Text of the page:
Skip to 0 minutes and 10 secondsHi there, Mike, good to see you. This is like a typical kitchen. What are the kind of areas we should be looking at if we're trying to live more sustainably? Hi, Tom. Well, maybe we could start with the cookers. In this kitchen, there are two ovens. You have a traditional fan oven here, electric fan oven. It looks quite ancient but functional. And we also have a microwave oven. And the microwave oven uses a lot less electricity to cook the food than the fine oven would do. But obviously, you're foods going to taste different if you microwave it rather than put it in a fan oven.
Skip to 0 minutes and 45 secondsSo you have a bit of a dilemma here as to whether you want your food to taste nice and browned and cooked the way you like to eat it or whether you want to save energy and use the microwave instead and have your food quicker. It's an choice, isn't it, between saving energy and enjoying the food you want? Definitely, I'd always like my food to taste nice. So maybe there's a compromise to be made there. What other areas can be addressed in the kitchen? Well, let's look at the fridge. OK, more electrical appliances. Yeah, so we have a fridge here. It looks reasonably new. although, there's no energy rating on it. OK, is that a problem?
Skip to 1 minute and 22 secondsIt's not so much as a problem, but you won't know how much electricity this fridge is going to use. So there's no way in really comparing it, unless you put the monitor at the back to monitor how much electricity you're using to keep your food nice and fresh. That makes sense. If we look inside, there's various foods in here which we're not going to talk about in depth. The one thing I would point out with this fridge is it's quite empty. And that can be an issue in terms of keeping it at a constant temperature.
Skip to 1 minute and 52 secondsIt's better, rather than stocking your fridge with lots of food, you can fill it with bottles of just tap water to try and keep the temperature constant in your fridge. The other thing is not to have the door open too often as well or for too long. So we better close that now. Keep that closed. Nice. Great. Is the kettle an important part of the kitchen? The kettle is very important, yes. We use-- about 4% of our daily electricity consumption can be used boiling kettles for cups of tea and coffee. The kettle here, it's got a gauge on it, which is good. So you can tell how much water you're boiling. Although, the minimum here is 1/2 litre. OK, wow.
Skip to 2 minutes and 36 secondsSo that's quite a lot. A bit more than a cup of tea. Yeah, a big cup of tea, maybe enough tea for two. If we look inside, it's an electric kettle. But the element is one of these fairly old-fashioned elements here, which has two problems. One is that it means that you have to fill it with more water to cover that element, otherwise you're going to destroy the kettle. Hence, minimum. And it also takes longer to boil a cup of tea with one of these than one of the modern flatter elements. So as well as being slightly more energy efficient, you don't have to wait around so long for your cup of tea.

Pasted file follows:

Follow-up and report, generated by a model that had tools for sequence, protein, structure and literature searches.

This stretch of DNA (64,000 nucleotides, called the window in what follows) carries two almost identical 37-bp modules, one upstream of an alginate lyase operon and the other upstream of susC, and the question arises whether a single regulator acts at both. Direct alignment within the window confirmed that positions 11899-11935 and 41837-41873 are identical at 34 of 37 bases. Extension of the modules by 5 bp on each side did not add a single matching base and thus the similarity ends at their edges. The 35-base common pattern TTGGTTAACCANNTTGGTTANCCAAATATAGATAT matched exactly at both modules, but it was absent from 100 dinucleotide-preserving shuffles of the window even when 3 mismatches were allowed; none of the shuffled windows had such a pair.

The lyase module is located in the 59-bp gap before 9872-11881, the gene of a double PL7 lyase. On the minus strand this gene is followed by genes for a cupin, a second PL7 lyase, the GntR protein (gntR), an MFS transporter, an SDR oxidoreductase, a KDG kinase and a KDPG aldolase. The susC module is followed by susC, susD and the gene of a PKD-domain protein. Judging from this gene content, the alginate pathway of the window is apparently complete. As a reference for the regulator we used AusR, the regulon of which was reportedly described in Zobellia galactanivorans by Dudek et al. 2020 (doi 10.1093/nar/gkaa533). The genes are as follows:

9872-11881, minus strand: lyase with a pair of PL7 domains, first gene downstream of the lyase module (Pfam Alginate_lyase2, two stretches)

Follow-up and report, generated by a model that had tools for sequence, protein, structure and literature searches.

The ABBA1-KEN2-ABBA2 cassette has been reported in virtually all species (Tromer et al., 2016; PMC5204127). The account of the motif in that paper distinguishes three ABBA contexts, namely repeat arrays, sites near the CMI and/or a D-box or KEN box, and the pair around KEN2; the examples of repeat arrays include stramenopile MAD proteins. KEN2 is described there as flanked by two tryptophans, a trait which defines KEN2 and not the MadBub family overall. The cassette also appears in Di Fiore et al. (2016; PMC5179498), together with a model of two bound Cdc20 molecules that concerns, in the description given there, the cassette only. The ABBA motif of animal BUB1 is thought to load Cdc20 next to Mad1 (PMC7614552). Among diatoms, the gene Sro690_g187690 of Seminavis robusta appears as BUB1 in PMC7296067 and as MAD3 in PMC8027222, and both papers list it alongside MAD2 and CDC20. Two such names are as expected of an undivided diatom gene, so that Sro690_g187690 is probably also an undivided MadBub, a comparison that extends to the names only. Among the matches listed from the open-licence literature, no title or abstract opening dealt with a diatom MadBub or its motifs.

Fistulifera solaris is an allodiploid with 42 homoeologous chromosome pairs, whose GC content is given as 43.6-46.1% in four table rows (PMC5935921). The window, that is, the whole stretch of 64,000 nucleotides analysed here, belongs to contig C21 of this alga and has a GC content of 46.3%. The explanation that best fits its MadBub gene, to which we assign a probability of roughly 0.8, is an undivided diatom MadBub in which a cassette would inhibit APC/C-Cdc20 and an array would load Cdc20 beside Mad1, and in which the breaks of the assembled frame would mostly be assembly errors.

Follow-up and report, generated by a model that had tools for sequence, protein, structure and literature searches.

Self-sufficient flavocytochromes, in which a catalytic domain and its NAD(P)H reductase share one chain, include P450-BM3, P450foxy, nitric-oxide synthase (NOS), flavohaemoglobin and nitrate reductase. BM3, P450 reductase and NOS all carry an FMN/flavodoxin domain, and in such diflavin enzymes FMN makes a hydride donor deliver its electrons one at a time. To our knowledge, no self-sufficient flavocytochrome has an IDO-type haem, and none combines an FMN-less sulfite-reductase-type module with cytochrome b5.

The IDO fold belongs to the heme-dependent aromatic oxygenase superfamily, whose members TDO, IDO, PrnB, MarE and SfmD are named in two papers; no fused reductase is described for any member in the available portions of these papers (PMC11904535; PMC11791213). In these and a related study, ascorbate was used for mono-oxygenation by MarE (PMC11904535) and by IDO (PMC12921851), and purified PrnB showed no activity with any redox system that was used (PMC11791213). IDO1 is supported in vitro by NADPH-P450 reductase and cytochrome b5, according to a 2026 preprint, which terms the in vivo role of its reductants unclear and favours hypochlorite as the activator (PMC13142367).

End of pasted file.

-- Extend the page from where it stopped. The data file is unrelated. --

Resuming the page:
Skip to 3 minutes and 14 secondsThe flat elements are better sustainably than these older ones. Yes, they're better. Interesting. I guess tea and coffee is the main staple with the kettle. Is that a sustainable way of drinking? Or is there anything we can improve there? Again, we've got some choices here. We've got two brands of coffee. One of them hasn't got any labelling on the front as to whether it's sustainable. It's got something at the back about the company being committed to help the environment. But it's a bit vague there. Whereas, the other brand of coffee here we have a fair trade certificate. It's recognisable. I've seen that before.
Skip to 3 minutes and 50 secondsYes, so it's independently verified as being good for the people that are producing the coffee in terms of wages and living conditions.
Skip to 4 minutes and 0 secondsAnd we've got some tea, again, another fair trade branded cup of tea. I went to a tea plantation in India for a few years ago, and looking around there, it wasn't one that was fair trade. But the working conditions left a lot to be desired. There's lots of signs on the wall telling people to work hard and to get on and do their work and not take breaks. And so I got the impression it wasn't a very nice occupation to be a tea picker in that plantation. That's interesting then. So the decisions we make even over our tea and coffee can affect a lot of people's lives around the world, just a simple decision like that.
Skip to 4 minutes and 36 secondsThousands of miles away, yeah. Interesting choice. What else do we have? We've got some, again, fair trade sugar and some fair trade hot chocolate as well. So maybe we'll have a cup of that a bit later. Looks like these guys are doing quite well then with their fair trade drinks. Yeah, they're making a difference. That's really good. Thanks very much, Mike. I'm going to go and find Helen, but I'll see you in a bit. You're welcome.
What's in your kitchen?
Watch the video to join Thom as he meets our engineer, Mike Clifford, in the typically British kitchen of Cripps House for a discussion about sustainability at home. Those of you in China can also view this video on our Tudou channel.
Think about: the sustainability issues in your own kitchen (which may be very different to the one in Cripps House). What problems do you have that others might be able to solve? Can you offer a solution to anyone else?
© The University of Nottingham 2013 (Creative Commons Attribution-NonCommercial-ShareAlike UK 2.0 Licence)